Featured Research

from universities, journals, and other organizations

Kyoto's Global Warming Controls Could Harm Forests

Date:
June 4, 2001
Source:
Society For Conservation Biology
Summary:
To help reduce global warming, the Kyoto Protocol encourages countries to remove carbon dioxide from the atmosphere by planting more trees. But the Protocol fails to consider conservation, and countries could meet their commitment by replacing mature forests with rapidly-growing plantations.

To help reduce global warming, the Kyoto Protocol encourages countries to remove carbon dioxide from the atmosphere by planting more trees. But the Protocol fails to consider conservation, and countries could meet their commitment by replacing mature forests with rapidly-growing plantations.

"Replacement of old forests with plantations is a 'perverse incentive' of the Kyoto Protocol," says Reed Noss of Conservation Science, Inc. in Corvallis, Oregon, in the June issue of Conservation Biology. "The protocol could easily do more harm than good unless accompanied by strong incentives to protect biodiversity."

While the U.S. commitment is now in doubt under the Bush administration, the government had planned to meet half its annual commitment through land-based carbon sinks. Noss urges countries to conserve old-growth forests and to put any tree plantations on marginal agricultural lands.

Noss also considered how to protect forests during climate change. The good news is that forests have already survived many periods of dramatic warming and cooling, in part by shifting, contracting and expanding their ranges.

The bad news is that it will be harder for trees and other species in today's fragmented and degraded forests to shift their ranges in response to climate change.

To help forests adapt to climate change, Noss recommends two main approaches. First, we should maintain or restore connections between forests. These include elevational corridors so species can move up or down mountains as necessary, as well as corridors along the Mississippi Valley and other major north-south river valleys that allowed dispersal during past climate changes.

Second, we should protect climate refugia, which are areas that harbored species during past climate changes. Probable climate refugia include the southern Appalachians and the Klamath-Siskiyou region of California and Oregon; Iberia, Italy and the Balkans; and rock outcrops, cool slopes and many other small areas.


Story Source:

The above story is based on materials provided by Society For Conservation Biology. Note: Materials may be edited for content and length.


Cite This Page:

Society For Conservation Biology. "Kyoto's Global Warming Controls Could Harm Forests." ScienceDaily. ScienceDaily, 4 June 2001. <www.sciencedaily.com/releases/2001/05/010529233729.htm>.
Society For Conservation Biology. (2001, June 4). Kyoto's Global Warming Controls Could Harm Forests. ScienceDaily. Retrieved September 1, 2014 from www.sciencedaily.com/releases/2001/05/010529233729.htm
Society For Conservation Biology. "Kyoto's Global Warming Controls Could Harm Forests." ScienceDaily. www.sciencedaily.com/releases/2001/05/010529233729.htm (accessed September 1, 2014).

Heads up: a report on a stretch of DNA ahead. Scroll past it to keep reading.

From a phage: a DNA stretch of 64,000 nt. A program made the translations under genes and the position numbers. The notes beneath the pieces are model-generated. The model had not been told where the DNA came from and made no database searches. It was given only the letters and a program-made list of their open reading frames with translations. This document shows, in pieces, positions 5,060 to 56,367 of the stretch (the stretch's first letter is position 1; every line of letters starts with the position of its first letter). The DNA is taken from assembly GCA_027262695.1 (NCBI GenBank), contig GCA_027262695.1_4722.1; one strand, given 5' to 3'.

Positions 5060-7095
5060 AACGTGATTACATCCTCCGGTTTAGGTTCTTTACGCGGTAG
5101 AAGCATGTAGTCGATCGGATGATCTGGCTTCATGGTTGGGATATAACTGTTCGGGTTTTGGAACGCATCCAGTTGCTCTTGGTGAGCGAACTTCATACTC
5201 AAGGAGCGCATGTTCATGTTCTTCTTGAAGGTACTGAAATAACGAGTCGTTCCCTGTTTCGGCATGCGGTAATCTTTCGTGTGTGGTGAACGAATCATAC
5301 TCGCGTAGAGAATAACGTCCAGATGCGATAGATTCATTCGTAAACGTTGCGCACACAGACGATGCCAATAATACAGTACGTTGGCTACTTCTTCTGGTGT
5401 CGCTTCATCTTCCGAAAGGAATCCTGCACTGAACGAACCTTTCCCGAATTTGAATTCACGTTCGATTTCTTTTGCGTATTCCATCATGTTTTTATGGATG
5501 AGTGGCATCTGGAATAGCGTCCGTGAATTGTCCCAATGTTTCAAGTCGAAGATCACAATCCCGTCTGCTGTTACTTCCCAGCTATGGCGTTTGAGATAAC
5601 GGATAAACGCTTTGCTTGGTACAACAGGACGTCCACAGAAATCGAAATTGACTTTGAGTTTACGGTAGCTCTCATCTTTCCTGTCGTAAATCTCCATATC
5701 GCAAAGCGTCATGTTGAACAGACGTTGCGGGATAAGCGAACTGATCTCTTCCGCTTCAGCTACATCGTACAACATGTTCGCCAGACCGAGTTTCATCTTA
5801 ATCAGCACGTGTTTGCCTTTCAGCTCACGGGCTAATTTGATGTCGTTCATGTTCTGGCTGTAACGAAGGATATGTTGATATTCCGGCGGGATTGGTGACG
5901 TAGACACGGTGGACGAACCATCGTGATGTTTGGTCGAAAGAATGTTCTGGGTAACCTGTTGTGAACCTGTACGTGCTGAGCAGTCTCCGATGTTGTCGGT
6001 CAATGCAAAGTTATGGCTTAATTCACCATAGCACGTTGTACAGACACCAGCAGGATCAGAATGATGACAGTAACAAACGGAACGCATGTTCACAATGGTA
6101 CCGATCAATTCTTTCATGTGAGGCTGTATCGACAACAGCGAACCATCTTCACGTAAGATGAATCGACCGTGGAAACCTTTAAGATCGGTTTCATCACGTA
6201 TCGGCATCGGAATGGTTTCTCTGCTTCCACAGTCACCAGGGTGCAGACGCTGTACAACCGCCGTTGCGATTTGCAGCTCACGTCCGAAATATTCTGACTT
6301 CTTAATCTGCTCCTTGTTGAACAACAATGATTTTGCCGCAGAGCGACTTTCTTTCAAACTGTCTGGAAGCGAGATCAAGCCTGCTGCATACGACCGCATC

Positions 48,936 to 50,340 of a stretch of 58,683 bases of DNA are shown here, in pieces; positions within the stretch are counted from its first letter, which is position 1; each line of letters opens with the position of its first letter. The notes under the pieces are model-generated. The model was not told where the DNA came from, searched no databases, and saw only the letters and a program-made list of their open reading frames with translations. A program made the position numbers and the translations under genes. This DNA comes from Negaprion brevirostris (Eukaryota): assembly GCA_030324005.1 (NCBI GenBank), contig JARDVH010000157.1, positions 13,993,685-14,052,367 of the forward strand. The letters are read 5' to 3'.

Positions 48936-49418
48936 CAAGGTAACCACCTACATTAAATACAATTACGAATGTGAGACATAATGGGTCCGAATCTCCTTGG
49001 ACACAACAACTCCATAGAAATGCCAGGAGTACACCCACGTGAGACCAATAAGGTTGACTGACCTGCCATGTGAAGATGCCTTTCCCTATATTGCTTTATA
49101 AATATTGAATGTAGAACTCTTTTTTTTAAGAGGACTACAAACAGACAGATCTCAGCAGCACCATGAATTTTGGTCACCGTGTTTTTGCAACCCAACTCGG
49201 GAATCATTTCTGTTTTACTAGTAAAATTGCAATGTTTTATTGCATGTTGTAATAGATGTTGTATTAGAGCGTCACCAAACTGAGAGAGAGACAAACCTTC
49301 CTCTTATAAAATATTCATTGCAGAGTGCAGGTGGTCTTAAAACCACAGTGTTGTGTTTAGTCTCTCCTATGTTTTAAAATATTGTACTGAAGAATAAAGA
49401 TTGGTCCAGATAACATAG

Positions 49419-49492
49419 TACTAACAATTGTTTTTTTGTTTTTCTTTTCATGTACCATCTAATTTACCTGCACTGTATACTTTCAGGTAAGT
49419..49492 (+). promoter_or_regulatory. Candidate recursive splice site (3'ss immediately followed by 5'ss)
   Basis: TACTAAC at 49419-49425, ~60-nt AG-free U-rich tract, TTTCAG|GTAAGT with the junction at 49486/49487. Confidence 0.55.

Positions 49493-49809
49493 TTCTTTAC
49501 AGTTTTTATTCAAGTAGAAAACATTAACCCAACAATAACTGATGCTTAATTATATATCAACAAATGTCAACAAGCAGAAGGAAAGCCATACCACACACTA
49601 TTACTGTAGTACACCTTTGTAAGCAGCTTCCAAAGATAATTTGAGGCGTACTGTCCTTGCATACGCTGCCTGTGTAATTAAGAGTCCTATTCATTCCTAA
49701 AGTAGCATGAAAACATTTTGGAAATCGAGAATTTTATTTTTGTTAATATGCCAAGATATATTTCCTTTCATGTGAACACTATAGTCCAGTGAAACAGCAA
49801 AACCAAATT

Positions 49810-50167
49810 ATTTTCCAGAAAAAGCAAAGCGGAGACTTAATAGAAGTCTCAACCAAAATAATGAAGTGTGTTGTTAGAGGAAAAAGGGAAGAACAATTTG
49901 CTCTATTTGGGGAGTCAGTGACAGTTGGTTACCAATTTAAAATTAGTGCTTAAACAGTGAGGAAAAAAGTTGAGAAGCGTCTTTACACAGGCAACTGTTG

Share This




More Earth & Climate News

Monday, September 1, 2014

Featured Research

from universities, journals, and other organizations


Featured Videos

from AP, Reuters, AFP, and other news services

Lightning Hurts 3 on NYC Beach

Lightning Hurts 3 on NYC Beach

AP (Sep. 1, 2014) A lightning strike injured three people on a New York City beach on Sunday. The storms also delayed flights and interrupted play at the US Open tennis tournament. (Sept. 1) Video provided by AP
Powered by NewsLook.com
Thailand Totters Towards Waste Crisis

Thailand Totters Towards Waste Crisis

AFP (Sep. 1, 2014) Fears are mounting in Bangkok that poor planning and lax law enforcement are tipping Thailand towards a waste crisis. Duration: 01:21 Video provided by AFP
Powered by NewsLook.com
Washington Wildlife Center Goes Nuts Over Baby Squirrels

Washington Wildlife Center Goes Nuts Over Baby Squirrels

Reuters - US Online Video (Aug. 30, 2014) An animal rescue in Washington state receives an influx of orphaned squirrels, keeping workers busy as they nurse them back to health. Rough Cut (no reporter narration). Video provided by Reuters
Powered by NewsLook.com
Raw: Volcano Erupts on Papua New Guinea

Raw: Volcano Erupts on Papua New Guinea

AP (Aug. 29, 2014) Several communities were evacuated and some international flights were diverted on Friday after one of the most active volcanos in the region erupts. (Aug. 29) Video provided by AP
Powered by NewsLook.com

Search ScienceDaily

Number of stories in archives: 140,361

Find with keyword(s):
Enter a keyword or phrase to search ScienceDaily for related topics and research stories.

Save/Print:
Share:

Breaking News:
from the past week

In Other News

... from NewsDaily.com

Science News

Health News

Environment News

Technology News



Save/Print:
Share:

Free Subscriptions


Get the latest science news with ScienceDaily's free email newsletters, updated daily and weekly. Or view hourly updated newsfeeds in your RSS reader:

Get Social & Mobile


Keep up to date with the latest news from ScienceDaily via social networks and mobile apps:

Have Feedback?


Tell us what you think of ScienceDaily -- we welcome both positive and negative comments. Have any problems using the site? Questions?
Mobile: iPhone Android Web
Follow: Facebook Twitter Google+
Subscribe: RSS Feeds Email Newsletters
Latest Headlines Health & Medicine Mind & Brain Space & Time Matter & Energy Computers & Math Plants & Animals Earth & Climate Fossils & Ruins